President Bush used his veto power for the first time in his five-year presidency yesterday when he held a ceremony in the White House to veto legislation that would have allowed federal funding to be used for embryonic stem cell research. Just hours later, in a vote of 235 to 193, the House of Representatives failed by 51 votes to gain the two-thirds majority required to override the veto.
The veto came in the face of significant public support for the research that would be generated by the legislation including possible treatments for Alzheimer's disease, diabetes, Parkinson's disease and spinal cord injuries. Bush announced his decision to reject the bill surrounded by a group of parents with babies born through in vitro fertilization, using what Bush calls "adopted" frozen embryos, reports The New York Times. In his speech, Bush said that passage of the bill "would support the taking of innocent human life in the hope of finding medical benefits for others."
The bill would have allowed federal funding to be used to conduct medical research using embryos that are scheduled to be destroyed in fertility clinics in the U.S. It is estimated that the majority of the approximately 400,000 embryos currently stored will be destroyed as couples who do not want to use them prefer not to allow someone else to give birth to a child with their genetic makeup reported the Washington Post.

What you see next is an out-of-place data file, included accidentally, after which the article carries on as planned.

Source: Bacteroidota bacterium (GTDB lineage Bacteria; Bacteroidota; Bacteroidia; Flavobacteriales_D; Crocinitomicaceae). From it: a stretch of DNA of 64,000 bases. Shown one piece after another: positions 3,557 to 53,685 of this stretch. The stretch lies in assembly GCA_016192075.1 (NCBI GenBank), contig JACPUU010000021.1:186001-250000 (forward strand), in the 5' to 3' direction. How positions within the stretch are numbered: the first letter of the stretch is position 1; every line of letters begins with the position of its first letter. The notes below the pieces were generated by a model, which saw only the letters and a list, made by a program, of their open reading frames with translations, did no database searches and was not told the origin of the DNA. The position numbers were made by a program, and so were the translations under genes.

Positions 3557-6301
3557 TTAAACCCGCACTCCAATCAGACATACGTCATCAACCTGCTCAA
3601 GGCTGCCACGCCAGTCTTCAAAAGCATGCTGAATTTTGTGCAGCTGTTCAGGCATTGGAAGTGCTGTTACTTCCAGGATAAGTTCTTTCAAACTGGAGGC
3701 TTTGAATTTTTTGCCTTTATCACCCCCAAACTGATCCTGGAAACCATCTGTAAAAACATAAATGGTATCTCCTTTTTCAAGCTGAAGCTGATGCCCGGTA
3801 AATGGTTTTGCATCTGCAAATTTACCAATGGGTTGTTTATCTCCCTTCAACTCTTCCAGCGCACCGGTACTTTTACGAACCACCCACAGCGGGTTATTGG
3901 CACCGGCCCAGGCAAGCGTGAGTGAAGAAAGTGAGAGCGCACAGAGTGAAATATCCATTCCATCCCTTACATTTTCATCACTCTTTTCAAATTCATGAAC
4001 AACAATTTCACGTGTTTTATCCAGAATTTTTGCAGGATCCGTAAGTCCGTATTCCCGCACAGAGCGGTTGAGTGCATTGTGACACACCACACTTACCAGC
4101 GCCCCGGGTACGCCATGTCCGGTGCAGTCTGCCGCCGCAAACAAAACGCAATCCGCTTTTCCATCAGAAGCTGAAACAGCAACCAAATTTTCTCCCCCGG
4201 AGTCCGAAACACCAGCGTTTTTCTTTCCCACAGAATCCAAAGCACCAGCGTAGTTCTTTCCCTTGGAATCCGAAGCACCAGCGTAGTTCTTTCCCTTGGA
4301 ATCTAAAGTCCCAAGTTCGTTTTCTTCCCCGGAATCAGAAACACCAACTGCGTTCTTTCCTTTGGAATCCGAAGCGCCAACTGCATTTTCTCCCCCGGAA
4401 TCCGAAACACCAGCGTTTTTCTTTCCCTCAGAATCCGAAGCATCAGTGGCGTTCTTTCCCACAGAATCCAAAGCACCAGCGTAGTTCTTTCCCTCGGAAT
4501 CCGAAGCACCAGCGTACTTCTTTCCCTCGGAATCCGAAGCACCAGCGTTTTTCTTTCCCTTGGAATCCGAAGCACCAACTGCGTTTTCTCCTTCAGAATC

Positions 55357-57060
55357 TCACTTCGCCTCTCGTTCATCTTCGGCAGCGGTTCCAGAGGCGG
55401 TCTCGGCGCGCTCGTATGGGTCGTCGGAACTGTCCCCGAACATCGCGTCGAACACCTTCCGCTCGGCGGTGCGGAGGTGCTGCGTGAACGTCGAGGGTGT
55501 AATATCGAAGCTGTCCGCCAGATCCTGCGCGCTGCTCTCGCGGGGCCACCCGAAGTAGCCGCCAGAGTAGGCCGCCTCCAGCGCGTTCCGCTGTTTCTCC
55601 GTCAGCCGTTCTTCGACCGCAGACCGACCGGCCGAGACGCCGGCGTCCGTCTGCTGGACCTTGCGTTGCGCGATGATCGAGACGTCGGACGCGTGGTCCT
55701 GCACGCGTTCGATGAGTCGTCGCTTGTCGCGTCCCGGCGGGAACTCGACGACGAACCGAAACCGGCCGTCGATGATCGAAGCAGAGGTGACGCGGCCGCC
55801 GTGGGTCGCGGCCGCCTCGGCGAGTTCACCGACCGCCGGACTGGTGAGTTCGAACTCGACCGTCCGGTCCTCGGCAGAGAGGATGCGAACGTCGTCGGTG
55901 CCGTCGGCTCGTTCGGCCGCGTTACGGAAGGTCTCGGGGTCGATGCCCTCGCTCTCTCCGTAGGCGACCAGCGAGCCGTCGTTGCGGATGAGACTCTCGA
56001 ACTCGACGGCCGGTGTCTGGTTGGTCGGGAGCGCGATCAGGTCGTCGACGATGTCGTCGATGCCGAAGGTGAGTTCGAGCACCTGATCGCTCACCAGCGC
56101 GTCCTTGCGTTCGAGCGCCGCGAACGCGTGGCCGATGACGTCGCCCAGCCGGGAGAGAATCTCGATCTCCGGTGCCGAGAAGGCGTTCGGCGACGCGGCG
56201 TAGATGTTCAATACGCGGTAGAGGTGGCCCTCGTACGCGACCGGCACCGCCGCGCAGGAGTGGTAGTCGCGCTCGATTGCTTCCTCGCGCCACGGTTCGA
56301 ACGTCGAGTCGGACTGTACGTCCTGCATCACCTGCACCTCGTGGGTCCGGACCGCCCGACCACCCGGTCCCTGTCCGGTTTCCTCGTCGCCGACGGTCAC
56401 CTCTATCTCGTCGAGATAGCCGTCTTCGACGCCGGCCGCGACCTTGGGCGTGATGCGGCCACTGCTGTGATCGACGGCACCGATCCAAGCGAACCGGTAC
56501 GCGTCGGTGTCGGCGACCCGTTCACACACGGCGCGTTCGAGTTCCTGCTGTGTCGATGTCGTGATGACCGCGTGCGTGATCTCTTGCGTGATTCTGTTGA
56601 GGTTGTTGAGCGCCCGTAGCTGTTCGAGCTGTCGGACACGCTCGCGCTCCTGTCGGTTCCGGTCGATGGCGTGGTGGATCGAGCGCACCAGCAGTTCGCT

Reacting to the action taken by Bush, Senator Tom Harkin (D-IA) told the Washington Post that the veto was, "a shameful display of cruelty, hypocrisy and ignorance."
Media Resources: Washington Post 7/20/06; The New York Times 7/20/06
5/22/2013 Army Commander Suspended for Adultery Amid Wave of Sexual Assaults - On Tuesday, Brigadier General Bryan T Roberts was suspended from his position as commander of the Fort Jackson, South Carolina training camp which trains approximately 60% of incoming female recruits pending an investigation into allegations of adultery.
Roberts was suspended following allegations of "adultery and a physical altercation." Colonel Christian Kubik, an Army spokesperson for the Training and Doctrine Command, told reporters "We don't have any evidence of any sexual assault. . . .